In response to the Supreme Court’s guidance that the Federal Circuit may have erred by too narrowly circumscribing the scope of § 271(a) with respect to the issue of divided infringement, the unanimous en banc court set forth the law of divided infringement and concluded that substantial evidence supported the jury’s finding that Limelight directly infringed under § 271(a). Thus, in cases where more than one actor is involved in practicing the steps of a method claim, a court must determine whether the acts of one are attributable to the other so that a single entity is responsible for the infringement. There are two circumstances where a one entity is responsible for another entity’s performance of method steps: (1) where that entity directs or controls others’ performance; and (2) where the actors form a joint enterprise. To determine whether the first circumstance (direction or control) applies (a question of fact), the court considers general principles of vicarious liability, including whether the party is an agent of the other or whether the party has contracted with the another to perform the steps of the claim. Here, the court held that, under the facts of this case, liability under Section 271(a) can also be found where “an alleged infringer conditions participation in an activity or receipt of a benefit upon performance of a step or steps of a patented method and establishes the manner or timing of that performance.” The court rejected the holding of the vacated panel decision, which held that Section 271(a) was limited solely to principal-agent relationships, contractual relationships, and joint enterprises. It ultimately held that: “[g]oing forward, principles of attribution are to be considered in the context of the particular facts presented.”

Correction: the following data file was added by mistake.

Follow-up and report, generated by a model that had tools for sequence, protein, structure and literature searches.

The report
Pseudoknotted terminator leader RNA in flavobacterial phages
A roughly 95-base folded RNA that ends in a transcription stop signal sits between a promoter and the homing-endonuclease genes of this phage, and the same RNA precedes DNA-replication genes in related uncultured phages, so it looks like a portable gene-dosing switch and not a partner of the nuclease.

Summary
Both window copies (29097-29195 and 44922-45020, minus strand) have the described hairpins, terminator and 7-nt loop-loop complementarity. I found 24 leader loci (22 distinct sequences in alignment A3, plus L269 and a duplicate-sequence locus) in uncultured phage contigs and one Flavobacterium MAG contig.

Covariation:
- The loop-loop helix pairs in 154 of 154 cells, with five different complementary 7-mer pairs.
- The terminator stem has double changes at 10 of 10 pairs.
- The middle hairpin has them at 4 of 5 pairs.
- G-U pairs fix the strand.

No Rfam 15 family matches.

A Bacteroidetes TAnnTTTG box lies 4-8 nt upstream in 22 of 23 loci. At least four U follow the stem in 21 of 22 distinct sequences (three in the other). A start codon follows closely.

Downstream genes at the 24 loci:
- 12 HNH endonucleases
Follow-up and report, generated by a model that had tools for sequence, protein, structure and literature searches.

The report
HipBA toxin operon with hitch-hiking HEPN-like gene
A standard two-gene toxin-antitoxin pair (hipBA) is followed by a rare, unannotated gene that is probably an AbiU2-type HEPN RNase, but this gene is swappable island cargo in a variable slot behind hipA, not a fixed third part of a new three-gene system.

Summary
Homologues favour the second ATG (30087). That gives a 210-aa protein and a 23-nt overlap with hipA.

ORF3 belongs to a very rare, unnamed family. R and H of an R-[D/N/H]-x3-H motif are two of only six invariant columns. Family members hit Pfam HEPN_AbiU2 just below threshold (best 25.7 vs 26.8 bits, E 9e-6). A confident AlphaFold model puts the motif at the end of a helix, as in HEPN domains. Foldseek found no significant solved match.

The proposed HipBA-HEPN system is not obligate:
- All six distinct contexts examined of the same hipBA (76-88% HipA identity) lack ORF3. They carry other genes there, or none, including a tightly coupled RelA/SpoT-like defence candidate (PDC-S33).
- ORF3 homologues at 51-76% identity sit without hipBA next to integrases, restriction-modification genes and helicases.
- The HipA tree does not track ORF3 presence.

Akamai Technologies, Inc. v. Limelight Networks, Inc., Case Nos. 2009-1372, -1380, -1416, and -1417 (August 13, 2015); Opinion by: Per Curiam, before Prost, Newman, Lourie, Linn, Dyk, Moore, O’Malley, Reyna, Wallach, and Hughes; Appealed From: On remand from the U.S. Supreme Court, 134 S. Ct. 2111. Read the full opinion here.